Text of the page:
I didn’t choose the Plug Life, the Plug Life chose me. It did so back in 2009, when I was an undergraduate student studying Renewable Energy at the University of Dundee, and the time had come to choose my Honours project. The options immediately available to me were interesting, but hadn’t sparked a great deal of enthusiasm. Then the person who would become my project supervisor turned up in a 1999 Peugeot 106 Electric and plugged it in outside the Physics building. I was fascinated from the outset and, after much pestering, the car became the basis of my Honours project on next-generation battery technology that would ultimately launch my career.
In the intervening decade, electric vehicles have undergone an exponential increase in popularity, driven predominantly by advances in battery technology leading to longer range, faster charging times and greater affordability. The nickel cadmium-powered 106 Electric now resides in Dundee Museum of Transport, replaced by a 24 kWh Nissan LEAF which boasts twice the range and a twelfth of the charging time of its predecessor. The LEAF saves me £1,300 per year in fuel, tax and maintenance vs an equivalent size of diesel car; use of off-peak electricity tariffs, some of which are specifically designed for EV owners, would make these running costs even cheaper. Contrary to my expectations, I’ve ended up driving my “short range” (80 miles per charge) LEAF on journeys throughout Scotland and occasional trips down to England, made possible by Scotland’s extensive rapid and destination charging network. This has relegated my previous cross-country cruiser, a Mk1 Honda Insight hybrid, to the role of driveway ornament. The LEAF will in turn be replaced by an EV which has more than double the range and less than half the charging time; several models that fit this description are available to buy today.
Driving an EV is a far superior experience to driving an internal combustion engine (ICE) car. Cars spend over 95% of their lives parked somewhere, so by plugging in at work or at home, my LEAF is fully charged well in advance of when I actually need it. With instant torque and no gears to change, EVs can zoom away from the lights, overtake and nip into busy traffic with confidence, and thanks to regenerative braking, one-foot driving is possible, which makes rush hour a breeze. Surprisingly, even on my longest EV trip to date, Edinburgh to Leeds – which required numerous rapid charges along the way (I did say my LEAF is the “short range” model) – I arrived feeling far more refreshed than I would have if I’d driven my manual hybrid. The latest EVs would require one rapid charge stop at most on that journey, with several able to complete it without stopping, making the journey even more effortless. In winter, whilst my neighbours are scraping the ice off their windscreens, I press the pre-heat button on my LEAF’s smartphone app and arrive to a fully defrosted car and toasty cabin. Furthermore, the mechanical simplicity of EVs makes them borderline indestructible, so they tend to sail through MOTs.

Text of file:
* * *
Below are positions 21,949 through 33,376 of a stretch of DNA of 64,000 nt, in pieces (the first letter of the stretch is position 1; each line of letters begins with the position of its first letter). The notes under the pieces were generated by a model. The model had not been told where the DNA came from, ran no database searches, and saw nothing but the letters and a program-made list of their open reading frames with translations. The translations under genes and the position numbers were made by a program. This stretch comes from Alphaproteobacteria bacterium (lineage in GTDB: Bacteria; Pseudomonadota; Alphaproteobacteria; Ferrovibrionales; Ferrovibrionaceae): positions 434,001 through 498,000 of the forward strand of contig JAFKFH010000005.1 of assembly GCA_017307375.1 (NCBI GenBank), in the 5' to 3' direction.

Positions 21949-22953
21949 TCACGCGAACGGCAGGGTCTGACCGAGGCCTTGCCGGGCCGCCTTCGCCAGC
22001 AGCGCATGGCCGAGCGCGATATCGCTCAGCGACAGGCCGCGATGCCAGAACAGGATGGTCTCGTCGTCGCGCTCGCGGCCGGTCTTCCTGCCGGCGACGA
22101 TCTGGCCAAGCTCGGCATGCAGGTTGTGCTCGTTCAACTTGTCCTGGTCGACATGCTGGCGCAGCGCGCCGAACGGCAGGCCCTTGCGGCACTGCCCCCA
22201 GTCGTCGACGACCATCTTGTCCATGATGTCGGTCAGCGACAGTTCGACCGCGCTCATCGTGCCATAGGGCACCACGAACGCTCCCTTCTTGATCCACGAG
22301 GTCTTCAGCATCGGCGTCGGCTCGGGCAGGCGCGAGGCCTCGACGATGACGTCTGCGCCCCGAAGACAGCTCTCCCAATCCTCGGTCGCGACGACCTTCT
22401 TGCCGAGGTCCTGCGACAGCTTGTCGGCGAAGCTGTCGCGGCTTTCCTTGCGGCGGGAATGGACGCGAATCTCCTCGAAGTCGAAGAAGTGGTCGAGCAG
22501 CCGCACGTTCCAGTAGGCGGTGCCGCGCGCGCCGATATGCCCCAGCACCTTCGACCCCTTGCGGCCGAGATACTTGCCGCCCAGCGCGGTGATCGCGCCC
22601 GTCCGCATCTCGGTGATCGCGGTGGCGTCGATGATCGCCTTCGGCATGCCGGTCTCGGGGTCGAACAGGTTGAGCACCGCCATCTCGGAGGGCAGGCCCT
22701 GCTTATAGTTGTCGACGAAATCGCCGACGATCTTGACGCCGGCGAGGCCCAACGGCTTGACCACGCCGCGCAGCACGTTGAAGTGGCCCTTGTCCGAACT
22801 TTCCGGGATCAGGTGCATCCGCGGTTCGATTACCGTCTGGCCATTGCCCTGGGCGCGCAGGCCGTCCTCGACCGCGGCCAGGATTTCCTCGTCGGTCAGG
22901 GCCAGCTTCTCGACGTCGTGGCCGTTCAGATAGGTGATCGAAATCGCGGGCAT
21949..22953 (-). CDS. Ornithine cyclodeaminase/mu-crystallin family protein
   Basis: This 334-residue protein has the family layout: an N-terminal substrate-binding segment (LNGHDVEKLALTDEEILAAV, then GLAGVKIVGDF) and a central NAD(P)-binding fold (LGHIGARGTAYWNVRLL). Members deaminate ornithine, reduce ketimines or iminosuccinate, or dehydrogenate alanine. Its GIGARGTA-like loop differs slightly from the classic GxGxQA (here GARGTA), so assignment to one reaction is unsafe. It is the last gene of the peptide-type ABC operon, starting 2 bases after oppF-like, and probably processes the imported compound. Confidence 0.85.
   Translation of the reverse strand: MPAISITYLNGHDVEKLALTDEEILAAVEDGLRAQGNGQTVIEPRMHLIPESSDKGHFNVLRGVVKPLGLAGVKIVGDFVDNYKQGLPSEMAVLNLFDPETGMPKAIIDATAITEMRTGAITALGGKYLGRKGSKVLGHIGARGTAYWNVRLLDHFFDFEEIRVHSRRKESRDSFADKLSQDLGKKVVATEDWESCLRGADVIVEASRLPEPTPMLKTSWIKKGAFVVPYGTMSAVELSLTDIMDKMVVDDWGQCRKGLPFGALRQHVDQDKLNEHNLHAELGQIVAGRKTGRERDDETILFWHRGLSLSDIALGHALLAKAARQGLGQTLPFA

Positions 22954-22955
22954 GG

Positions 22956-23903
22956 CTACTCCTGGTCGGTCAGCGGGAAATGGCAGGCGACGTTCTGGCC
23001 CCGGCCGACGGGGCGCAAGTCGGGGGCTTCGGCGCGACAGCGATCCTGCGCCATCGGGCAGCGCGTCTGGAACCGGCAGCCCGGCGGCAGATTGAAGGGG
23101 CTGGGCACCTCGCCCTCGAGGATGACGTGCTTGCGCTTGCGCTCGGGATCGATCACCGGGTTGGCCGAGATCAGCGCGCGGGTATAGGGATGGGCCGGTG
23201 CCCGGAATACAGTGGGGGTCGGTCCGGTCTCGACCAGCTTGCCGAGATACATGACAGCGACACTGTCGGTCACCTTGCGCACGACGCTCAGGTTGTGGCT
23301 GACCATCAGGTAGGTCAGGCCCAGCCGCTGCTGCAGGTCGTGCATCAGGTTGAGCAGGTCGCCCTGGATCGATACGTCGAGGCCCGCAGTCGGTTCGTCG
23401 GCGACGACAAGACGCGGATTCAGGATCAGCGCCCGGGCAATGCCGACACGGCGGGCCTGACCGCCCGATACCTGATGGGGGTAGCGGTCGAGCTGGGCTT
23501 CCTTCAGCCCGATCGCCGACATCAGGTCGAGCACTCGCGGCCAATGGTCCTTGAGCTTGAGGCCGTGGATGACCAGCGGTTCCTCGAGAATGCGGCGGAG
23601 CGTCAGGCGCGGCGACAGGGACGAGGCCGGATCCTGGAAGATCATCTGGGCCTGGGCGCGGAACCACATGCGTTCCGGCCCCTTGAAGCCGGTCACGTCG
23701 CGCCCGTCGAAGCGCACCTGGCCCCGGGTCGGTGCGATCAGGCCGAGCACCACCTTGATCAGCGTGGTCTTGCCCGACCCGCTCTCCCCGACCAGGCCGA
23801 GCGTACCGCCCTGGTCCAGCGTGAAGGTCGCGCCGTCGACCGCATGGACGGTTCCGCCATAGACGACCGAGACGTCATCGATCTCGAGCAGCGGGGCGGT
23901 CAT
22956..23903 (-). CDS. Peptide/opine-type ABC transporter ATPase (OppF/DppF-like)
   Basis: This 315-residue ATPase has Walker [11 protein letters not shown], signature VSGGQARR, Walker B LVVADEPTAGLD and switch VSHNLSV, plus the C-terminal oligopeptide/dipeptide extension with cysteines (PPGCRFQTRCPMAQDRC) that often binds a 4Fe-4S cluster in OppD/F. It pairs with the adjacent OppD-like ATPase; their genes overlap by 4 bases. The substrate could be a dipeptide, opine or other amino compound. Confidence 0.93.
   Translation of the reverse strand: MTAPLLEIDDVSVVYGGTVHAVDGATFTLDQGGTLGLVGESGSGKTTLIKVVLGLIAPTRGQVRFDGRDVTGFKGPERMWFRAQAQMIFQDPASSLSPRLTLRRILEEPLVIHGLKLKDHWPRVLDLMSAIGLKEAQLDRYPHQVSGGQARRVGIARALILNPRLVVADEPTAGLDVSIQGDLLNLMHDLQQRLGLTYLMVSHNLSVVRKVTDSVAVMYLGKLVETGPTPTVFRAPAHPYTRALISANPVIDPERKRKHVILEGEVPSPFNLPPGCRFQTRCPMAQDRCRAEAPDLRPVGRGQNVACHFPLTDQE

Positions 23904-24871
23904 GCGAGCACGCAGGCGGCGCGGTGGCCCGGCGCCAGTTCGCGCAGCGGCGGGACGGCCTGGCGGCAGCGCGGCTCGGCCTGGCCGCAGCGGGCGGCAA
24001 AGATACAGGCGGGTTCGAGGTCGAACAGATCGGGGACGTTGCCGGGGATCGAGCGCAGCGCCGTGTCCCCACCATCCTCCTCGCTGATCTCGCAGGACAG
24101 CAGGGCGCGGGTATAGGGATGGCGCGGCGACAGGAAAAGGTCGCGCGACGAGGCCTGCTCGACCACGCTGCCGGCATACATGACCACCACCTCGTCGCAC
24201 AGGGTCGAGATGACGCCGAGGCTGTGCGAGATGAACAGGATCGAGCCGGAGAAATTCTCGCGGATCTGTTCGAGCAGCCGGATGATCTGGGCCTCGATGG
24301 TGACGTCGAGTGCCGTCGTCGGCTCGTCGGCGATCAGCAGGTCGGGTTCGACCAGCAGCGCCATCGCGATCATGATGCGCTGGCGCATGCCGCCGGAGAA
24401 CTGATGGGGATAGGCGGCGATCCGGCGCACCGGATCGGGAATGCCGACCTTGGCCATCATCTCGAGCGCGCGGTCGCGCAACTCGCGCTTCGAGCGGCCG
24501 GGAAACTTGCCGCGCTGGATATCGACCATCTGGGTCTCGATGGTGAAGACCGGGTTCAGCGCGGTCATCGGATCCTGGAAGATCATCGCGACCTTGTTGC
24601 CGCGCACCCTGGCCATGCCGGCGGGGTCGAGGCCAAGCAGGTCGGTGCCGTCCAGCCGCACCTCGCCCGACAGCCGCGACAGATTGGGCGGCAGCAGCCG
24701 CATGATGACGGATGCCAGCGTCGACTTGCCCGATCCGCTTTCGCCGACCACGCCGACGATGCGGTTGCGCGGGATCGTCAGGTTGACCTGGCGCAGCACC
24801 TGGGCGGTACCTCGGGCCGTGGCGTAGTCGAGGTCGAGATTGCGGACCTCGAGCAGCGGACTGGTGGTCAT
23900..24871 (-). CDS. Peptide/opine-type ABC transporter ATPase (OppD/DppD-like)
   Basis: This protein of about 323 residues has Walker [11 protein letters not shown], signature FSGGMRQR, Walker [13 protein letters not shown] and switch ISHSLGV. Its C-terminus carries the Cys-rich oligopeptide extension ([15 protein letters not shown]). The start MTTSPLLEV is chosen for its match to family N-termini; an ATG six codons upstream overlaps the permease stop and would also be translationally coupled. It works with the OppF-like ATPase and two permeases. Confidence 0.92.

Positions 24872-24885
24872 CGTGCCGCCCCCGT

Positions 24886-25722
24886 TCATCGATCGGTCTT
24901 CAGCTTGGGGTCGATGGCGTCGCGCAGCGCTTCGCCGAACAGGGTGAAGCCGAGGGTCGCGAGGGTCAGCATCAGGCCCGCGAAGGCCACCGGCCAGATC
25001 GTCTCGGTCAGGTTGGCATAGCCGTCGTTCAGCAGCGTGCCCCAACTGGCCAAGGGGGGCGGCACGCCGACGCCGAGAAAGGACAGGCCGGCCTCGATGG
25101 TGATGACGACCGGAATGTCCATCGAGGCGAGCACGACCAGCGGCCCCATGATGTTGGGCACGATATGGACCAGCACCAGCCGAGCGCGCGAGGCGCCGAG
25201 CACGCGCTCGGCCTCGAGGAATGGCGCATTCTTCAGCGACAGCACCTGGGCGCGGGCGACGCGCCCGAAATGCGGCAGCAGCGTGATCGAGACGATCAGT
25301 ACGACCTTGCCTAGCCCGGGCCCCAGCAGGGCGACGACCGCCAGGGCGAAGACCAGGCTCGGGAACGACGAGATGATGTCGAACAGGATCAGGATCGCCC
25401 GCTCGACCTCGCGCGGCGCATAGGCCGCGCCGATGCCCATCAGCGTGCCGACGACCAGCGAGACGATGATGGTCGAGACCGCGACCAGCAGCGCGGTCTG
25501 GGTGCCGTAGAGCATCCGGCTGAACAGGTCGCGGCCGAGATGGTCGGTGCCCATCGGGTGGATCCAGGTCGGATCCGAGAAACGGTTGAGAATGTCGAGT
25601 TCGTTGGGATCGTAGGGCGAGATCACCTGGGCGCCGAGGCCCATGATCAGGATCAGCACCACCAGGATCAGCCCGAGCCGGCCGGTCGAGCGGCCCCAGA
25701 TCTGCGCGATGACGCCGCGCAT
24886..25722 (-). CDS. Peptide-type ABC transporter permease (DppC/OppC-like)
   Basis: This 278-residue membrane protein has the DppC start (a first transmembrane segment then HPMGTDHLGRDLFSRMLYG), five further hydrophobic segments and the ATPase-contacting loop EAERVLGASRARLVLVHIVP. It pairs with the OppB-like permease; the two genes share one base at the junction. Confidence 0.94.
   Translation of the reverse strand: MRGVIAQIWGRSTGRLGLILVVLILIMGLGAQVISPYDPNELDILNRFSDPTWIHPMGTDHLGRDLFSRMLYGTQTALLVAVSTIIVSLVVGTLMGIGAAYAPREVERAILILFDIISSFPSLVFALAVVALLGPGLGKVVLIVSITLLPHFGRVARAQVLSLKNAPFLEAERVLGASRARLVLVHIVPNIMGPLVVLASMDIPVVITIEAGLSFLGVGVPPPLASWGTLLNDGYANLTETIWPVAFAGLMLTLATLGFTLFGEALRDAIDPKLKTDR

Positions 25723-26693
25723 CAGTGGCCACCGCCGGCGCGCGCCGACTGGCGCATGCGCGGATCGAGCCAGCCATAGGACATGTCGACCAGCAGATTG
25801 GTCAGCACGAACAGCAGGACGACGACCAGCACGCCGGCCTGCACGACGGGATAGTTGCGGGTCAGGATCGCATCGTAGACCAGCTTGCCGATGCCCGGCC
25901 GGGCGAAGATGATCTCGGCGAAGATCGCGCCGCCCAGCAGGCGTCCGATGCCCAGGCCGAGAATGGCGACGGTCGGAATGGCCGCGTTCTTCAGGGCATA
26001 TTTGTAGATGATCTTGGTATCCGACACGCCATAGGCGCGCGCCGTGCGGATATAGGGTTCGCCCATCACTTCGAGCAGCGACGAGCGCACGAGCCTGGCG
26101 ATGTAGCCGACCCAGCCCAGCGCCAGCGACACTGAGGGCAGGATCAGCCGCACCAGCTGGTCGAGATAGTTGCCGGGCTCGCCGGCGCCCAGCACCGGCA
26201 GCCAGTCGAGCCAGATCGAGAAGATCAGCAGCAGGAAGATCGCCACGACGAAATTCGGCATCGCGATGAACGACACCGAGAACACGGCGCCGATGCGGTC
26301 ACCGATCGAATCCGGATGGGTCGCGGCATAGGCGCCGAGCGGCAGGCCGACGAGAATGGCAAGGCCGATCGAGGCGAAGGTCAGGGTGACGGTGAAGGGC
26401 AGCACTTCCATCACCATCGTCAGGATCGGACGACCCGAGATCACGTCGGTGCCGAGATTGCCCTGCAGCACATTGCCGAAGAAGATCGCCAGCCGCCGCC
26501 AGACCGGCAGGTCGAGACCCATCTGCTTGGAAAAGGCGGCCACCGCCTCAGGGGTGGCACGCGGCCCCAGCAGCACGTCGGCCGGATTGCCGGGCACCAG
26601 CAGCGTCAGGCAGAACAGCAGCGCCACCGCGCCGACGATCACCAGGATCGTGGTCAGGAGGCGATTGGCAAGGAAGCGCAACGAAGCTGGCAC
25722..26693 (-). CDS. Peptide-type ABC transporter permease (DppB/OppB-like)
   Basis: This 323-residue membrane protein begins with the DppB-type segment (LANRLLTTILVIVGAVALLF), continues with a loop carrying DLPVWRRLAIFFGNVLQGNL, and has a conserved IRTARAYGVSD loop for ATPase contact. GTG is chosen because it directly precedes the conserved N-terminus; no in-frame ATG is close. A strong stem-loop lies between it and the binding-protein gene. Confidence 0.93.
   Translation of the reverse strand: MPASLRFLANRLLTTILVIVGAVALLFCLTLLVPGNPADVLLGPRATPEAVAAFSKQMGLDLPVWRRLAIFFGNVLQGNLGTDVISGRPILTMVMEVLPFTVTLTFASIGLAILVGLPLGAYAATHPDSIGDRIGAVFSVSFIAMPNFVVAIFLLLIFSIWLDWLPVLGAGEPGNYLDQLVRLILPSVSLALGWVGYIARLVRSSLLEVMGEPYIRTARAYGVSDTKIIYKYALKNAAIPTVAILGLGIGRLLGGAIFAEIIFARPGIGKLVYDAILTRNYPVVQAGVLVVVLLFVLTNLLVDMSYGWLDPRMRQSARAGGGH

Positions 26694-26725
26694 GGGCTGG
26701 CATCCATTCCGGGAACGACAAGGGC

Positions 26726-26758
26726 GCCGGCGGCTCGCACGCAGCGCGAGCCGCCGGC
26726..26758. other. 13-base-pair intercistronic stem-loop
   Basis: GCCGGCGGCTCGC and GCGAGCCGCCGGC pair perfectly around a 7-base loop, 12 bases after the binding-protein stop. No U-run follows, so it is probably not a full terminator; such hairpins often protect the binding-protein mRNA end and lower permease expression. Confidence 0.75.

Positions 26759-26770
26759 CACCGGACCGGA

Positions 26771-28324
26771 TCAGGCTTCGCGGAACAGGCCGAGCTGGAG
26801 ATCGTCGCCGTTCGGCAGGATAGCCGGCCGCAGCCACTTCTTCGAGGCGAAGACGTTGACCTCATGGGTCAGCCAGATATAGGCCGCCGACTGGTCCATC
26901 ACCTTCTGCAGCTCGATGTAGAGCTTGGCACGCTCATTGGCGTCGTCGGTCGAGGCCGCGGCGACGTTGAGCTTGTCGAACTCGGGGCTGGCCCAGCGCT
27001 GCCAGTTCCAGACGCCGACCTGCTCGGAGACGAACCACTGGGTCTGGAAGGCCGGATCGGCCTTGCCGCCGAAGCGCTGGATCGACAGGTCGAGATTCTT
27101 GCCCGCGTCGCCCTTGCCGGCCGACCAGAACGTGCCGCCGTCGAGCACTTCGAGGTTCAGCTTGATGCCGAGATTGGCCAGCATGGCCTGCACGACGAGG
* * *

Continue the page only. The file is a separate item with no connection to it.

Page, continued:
I’m clearly not the only person to realise the merits of driving electric: in the two years that I have owned my 24 kWh LEAF, its value has increased by £2,000 due to demand. In fact, the original models of LEAF, Zoe and i-MiEV have all seen at least 50% increases in value between February 2016 and February 2019. With batteries outlasting the expectations of some early-day armchair critics, depreciation of EVs has quickly become a non-issue, whilst the value of ICEs has started to fall off a cliff.
Despite the increasing popularity of EVs, some of the same rumours and misconceptions persist in newspaper articles and on social media. As someone who has studied electric vehicles and battery technology for a decade – and has driven EVs in all of that time – I decided to launch a YouTube series that debunks these myths, explains how batteries and EVs work and shows just how capable they are (because quite frankly, the capability of my own LEAF surprises even me). Inspired by a prize-winning meme that I made for an EV-related competition, the channel was duly named Plug Life Television, and has enjoyed a growth in popularity beyond my expectations. If reading this article hasn’t convinced you that EVs are already the right choice for just about anyone, head onto YouTube and check out the channel – chances are there’s an episode that answers the very query you might have.
Dr Euan McTurk is an electrochemist and electric vehicle battery engineer who has been driving EVs since 2009. A long-term member of EVA Scotland, Euan was presented with the EV Champion award by GreenFleet Magazine in 2018 and features on their list of Top 100 most influential people in the electric vehicle sector.